Will The Triple Talaq Issue Finally Be Laid To Rest In 2019?

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In the history of humankind, many things that were discriminatory were passed off as legal—such as apartheid, slavery, and colonialism—until they were finally abolished. People who made them legal were powerful, and did so to serve their narrow self-interest. But oppressed classes, when they had an overwhelming desire for emancipation, fight back to have discriminatory laws overturned. That is exactly what happened in the case of triple talaq also.

The Supreme Court, in 2017, held that the Muslim practice of triple talaq was unconstitutional, and directed the Union government to consider appropriate legislation to do justice to Muslim women. The court’s pronouncement provided succour to countless women reeling under the scourge of a discriminatory practice. The unfair practice emboldens a Muslim man to violate the sanctity of marriage by deserting his wife in a unilateral and patently unjust manner. Triple talaq dehumanises women, enslaves them to their husbands, and deprives them of their dignity.

Though this a welcome step, the very fact that it took 70 years for independent India to reform an utterly discriminatory law is deeply saddening. It also shows how arduous and painstakingly slow it is to bring about any reformation in Indian society.

There are many people who are not only questioning the intent of the BJP in enacting the law, but also opposing the law itself. By doing so, they reveal their true colours. No religion or society is perfect, and reformation must be an essential ingredient of human progress. The Congress, by continuing to oppose the triple talaq law, appears to be intent on appeasing the Muslim clergy. Through its appeasement politics, in fact, fueled the advent of the Hindu right wing.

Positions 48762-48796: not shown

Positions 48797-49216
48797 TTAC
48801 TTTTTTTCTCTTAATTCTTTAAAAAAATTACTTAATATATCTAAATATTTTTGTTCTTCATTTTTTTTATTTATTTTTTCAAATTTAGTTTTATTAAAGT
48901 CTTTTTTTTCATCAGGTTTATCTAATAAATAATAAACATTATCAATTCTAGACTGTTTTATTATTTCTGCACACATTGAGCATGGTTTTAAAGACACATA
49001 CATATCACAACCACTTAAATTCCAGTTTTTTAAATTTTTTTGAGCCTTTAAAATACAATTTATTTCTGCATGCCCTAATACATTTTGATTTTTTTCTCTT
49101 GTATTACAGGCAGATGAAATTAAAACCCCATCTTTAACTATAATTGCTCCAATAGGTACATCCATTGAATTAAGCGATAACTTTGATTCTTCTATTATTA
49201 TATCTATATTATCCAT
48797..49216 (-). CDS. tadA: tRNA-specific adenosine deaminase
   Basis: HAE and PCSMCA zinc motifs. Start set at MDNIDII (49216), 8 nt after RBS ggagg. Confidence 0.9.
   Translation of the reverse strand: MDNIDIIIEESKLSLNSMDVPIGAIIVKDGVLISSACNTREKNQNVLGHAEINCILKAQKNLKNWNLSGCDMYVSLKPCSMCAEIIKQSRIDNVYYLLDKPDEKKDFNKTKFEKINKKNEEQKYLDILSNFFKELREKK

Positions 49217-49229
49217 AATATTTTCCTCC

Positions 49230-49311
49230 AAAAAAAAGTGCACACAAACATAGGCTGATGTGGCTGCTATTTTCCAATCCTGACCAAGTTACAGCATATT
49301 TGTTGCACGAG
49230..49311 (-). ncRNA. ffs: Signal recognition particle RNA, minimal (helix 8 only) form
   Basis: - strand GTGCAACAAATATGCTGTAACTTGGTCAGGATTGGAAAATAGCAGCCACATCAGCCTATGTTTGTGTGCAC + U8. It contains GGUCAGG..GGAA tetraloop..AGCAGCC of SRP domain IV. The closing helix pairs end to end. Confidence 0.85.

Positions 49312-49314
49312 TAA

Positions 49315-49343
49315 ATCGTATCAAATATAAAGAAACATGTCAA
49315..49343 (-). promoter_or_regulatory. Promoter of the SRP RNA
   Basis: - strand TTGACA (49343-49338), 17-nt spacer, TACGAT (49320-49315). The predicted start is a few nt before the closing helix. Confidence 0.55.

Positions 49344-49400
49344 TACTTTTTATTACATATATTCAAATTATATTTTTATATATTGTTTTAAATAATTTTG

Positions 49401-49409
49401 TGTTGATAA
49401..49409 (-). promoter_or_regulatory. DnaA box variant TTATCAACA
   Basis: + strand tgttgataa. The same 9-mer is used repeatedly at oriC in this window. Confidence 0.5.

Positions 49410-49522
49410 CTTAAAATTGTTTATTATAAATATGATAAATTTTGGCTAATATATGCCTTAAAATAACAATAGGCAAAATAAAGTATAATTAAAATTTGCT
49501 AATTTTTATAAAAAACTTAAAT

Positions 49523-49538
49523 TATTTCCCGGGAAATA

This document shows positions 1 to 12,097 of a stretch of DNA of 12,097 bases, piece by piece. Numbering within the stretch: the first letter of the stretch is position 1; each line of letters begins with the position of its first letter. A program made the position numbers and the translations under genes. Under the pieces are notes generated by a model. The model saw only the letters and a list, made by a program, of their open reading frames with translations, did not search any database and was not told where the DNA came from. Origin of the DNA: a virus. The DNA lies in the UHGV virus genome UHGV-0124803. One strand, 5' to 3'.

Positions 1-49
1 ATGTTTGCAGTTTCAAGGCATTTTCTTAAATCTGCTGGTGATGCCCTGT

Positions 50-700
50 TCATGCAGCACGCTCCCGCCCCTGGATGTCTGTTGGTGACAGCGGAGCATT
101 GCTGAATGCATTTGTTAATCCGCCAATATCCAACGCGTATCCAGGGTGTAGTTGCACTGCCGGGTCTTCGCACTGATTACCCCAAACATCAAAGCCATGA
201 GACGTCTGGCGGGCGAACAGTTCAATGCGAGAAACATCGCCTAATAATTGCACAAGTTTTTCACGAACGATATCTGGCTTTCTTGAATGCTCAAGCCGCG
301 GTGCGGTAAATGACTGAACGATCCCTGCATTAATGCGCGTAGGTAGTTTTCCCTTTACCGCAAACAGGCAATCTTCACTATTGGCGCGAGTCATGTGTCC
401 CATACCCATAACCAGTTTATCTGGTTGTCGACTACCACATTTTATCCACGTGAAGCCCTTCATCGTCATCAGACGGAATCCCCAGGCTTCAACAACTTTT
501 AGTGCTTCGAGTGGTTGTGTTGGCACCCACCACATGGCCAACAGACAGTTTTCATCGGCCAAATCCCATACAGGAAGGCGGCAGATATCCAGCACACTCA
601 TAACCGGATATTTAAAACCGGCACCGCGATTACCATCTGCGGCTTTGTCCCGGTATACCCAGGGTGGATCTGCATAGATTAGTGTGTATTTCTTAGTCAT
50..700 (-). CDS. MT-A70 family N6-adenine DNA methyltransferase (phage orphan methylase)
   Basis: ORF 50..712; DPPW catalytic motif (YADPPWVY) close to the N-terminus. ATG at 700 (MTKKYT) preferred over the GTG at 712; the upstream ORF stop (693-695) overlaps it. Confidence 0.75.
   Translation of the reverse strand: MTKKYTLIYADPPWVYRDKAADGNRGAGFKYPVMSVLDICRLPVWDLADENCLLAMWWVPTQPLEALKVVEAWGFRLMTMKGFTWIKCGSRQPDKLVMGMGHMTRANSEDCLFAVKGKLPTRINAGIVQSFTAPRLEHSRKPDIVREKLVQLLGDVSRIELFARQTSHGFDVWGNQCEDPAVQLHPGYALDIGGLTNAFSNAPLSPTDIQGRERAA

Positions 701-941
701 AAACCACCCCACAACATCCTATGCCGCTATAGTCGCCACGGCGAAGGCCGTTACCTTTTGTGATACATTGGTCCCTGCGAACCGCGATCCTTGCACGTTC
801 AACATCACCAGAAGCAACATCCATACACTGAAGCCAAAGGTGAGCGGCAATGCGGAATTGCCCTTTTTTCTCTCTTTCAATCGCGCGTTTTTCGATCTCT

Indian women, irrespective of the religion they are born into, are an oppressed class. The oppression is the direct result of their disempowerment, which is a consequence of their subjugation and financial dependence. The conservative elements in every religious community target their womenfolk in the name of community honour, and leave no stone unturned while exercising unwarranted control over them, thereby restricting their freedom.

Many of us wonder what made the practice of triple talaq continue in India even after it was banned in 22 Muslim majority countries including Pakistan, Indonesia, and Bangladesh. But the main reason behind the continued injustice meted out to Muslim women appears to be political. In India, the Muslim clergy, to tighten their grip over their community, make unceasing efforts to drive it towards conservatism, and even try to unduly influence the Muslim community’s voting behaviour. The fatwas issued by the Shahi Imam of Jama Masjid, Syed Ahmed Bukhari, to vote for certain political parties are well-known. Therefore, political parties that treat the Muslim community as a mere vote bank compete to grab this vote bank by appeasing its conservative clergy.

Photo by Raj K Raj/Hindustan Times